The manner in which you quit your job can affect your future career opportunities says Brandi Britton
Your decision to quit a job — while never easy — may be motivated by a multitude of factors including your desire to gain new skills, develop your professional network or earn a higher salary.
But there’s a right way and a wrong way to resign. Do it with grace and watch your career flourish, backed by solid references and a reputation as a consummate professional. Do it in an undiplomatic manner, and risk damaging your hard-won on-the-job relationships and undermining your future career prospects.
An OfficeTeam survey underscores this point: 86 percent of HR managers believe the manner in which an employee decides to quit a job affects the worker’s future career opportunities.
Following are five tips for how to quit a job and leave an employer on good terms.
- Tell your Executive first
When you’ve made your decision to quit a job, it’s a smart move and common courtesy to let your executive know first. Don’t undermine your reputation as an above-board professional by sharing the news first with a gossipy workmate or your Twitter followers. If management finds out from sources other than you, you may lose integrity and respect. This could come back to haunt you when prospective employers contact your former supervisor for a reference check. So make a point to schedule a short meeting on your executive’s calendar and deliver the news in person.
- Stick to the matter at hand — a smooth exit
While it may be tempting to go out giving a laundry list of what was wrong with your job or your executive, avoid that urge. It just doesn’t make sense to offend someone who might be willing to offer you a job reference for a few minutes of personal venting. Put another way, avoid the theatrics when resigning. HR managers who responded to the OfficeTeam survey cited instances in which employees quit via sticky notes, a cake with a resignation letter on top and even a marching band. Do the opposite and remain calm and quit a job like the true professional you are — with a concise resignation letter and plenty of goodwill.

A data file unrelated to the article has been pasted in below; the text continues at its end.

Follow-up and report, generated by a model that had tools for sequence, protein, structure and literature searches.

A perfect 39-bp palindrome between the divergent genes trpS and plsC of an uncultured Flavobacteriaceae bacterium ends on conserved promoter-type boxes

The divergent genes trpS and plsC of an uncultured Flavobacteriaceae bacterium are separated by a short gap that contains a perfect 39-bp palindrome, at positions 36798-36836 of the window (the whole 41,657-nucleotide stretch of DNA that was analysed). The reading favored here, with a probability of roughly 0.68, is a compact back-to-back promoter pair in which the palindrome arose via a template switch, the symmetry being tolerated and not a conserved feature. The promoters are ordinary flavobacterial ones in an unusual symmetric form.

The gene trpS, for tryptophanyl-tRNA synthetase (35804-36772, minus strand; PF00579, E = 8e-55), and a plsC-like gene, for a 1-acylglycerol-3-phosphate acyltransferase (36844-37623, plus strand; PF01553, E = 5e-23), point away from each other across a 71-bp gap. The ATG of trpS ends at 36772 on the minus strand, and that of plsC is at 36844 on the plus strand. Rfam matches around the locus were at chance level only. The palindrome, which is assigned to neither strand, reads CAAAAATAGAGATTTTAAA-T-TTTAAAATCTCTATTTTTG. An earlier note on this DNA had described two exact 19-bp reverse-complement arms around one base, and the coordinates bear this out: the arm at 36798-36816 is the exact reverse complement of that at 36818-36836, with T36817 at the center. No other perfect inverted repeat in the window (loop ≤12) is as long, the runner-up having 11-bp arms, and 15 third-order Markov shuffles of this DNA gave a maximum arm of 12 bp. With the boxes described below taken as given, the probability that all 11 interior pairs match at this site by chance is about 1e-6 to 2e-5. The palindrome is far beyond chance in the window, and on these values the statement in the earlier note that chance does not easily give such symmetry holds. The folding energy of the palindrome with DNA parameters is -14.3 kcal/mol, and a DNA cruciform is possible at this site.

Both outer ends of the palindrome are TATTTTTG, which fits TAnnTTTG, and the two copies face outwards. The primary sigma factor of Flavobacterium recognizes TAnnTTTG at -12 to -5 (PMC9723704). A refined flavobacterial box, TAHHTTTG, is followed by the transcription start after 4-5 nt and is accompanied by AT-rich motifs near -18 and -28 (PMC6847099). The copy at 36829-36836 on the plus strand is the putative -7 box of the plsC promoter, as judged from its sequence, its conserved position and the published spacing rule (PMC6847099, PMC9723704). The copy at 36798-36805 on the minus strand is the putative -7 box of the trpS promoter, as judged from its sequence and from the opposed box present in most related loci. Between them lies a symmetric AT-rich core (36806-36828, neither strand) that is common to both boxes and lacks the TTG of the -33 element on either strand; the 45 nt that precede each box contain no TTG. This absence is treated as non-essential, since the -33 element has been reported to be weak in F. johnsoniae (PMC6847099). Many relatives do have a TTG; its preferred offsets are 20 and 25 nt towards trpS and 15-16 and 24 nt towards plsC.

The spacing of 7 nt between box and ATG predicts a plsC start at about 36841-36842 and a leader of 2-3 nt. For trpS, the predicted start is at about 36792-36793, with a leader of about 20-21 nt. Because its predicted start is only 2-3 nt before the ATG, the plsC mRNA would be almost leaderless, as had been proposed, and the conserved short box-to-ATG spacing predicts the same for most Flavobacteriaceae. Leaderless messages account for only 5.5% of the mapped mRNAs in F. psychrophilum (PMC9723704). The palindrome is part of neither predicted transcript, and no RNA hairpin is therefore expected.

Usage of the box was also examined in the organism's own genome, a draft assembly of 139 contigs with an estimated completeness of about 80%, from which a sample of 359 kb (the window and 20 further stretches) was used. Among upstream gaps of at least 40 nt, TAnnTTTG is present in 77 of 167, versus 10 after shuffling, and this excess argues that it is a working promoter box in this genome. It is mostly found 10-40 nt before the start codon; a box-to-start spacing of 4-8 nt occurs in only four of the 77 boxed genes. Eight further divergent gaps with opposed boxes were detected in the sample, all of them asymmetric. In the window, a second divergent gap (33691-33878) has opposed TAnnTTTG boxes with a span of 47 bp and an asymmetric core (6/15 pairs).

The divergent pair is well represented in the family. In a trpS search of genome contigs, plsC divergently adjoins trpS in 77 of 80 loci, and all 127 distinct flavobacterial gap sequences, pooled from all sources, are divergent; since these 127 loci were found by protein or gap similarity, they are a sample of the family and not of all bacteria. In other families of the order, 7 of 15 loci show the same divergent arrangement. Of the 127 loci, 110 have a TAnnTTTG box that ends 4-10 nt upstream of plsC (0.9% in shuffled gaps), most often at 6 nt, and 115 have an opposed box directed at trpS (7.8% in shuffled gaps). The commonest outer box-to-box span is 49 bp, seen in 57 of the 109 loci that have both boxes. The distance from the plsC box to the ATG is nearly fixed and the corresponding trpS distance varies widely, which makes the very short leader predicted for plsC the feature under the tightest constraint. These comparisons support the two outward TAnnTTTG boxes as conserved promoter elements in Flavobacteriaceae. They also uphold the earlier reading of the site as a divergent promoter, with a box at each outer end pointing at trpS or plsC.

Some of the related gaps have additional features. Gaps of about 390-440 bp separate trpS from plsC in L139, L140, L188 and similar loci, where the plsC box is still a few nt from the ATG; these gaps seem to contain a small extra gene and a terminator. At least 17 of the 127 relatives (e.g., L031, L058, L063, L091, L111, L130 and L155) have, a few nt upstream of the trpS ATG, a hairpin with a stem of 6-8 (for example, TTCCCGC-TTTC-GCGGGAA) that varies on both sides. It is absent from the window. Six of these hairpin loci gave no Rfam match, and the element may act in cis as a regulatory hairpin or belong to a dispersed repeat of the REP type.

- Give proper notice
Professional protocol calls for a minimum two weeks’ notice, which gives your employer enough time to make sure your workload is covered. Note that you may be asked to stay on longer, especially if you hold a senior-level position. The smoother the transition period, the better your future references will be.
- Work right up to the end
You might feel the urge to just “phone it in” after you’ve turned in your notice, but the weeks between your resignation and departure are a good time to cement your reputation and work ethic. Use this time to wrap up current assignments or bring them to a point where you can easily hand them off. Be a good sport about training your replacement or the coworkers who will take over your duties. Organize your files and leave clear instructions about where important materials are.
- Ace the exit interview
Many employers request an exit interview to gather your thoughts about the company and your reasons for leaving. According to an OfficeTeam survey, 63 percent of HR managers said their organization acts on information gathered during exit interviews. The takeaway: It behooves you to participate in the exit interview if one is offered, and to be as constructive as possible.
Instead of bashing the company or your executive, offer constructive criticism about how the company and its processes can be improved. If you’re worried about going negative, get ready for the exit interview as you would a job interview: prepare, have good notes and keep your emotions in check. Keep in mind that like everything else you do on the job, your performance in an exit interview can follow you throughout your career.
When you quit a job the right way, you maintain good relationships with former coworkers and employers, and keep doors open. You never know what may happen, so make sure you part on good terms.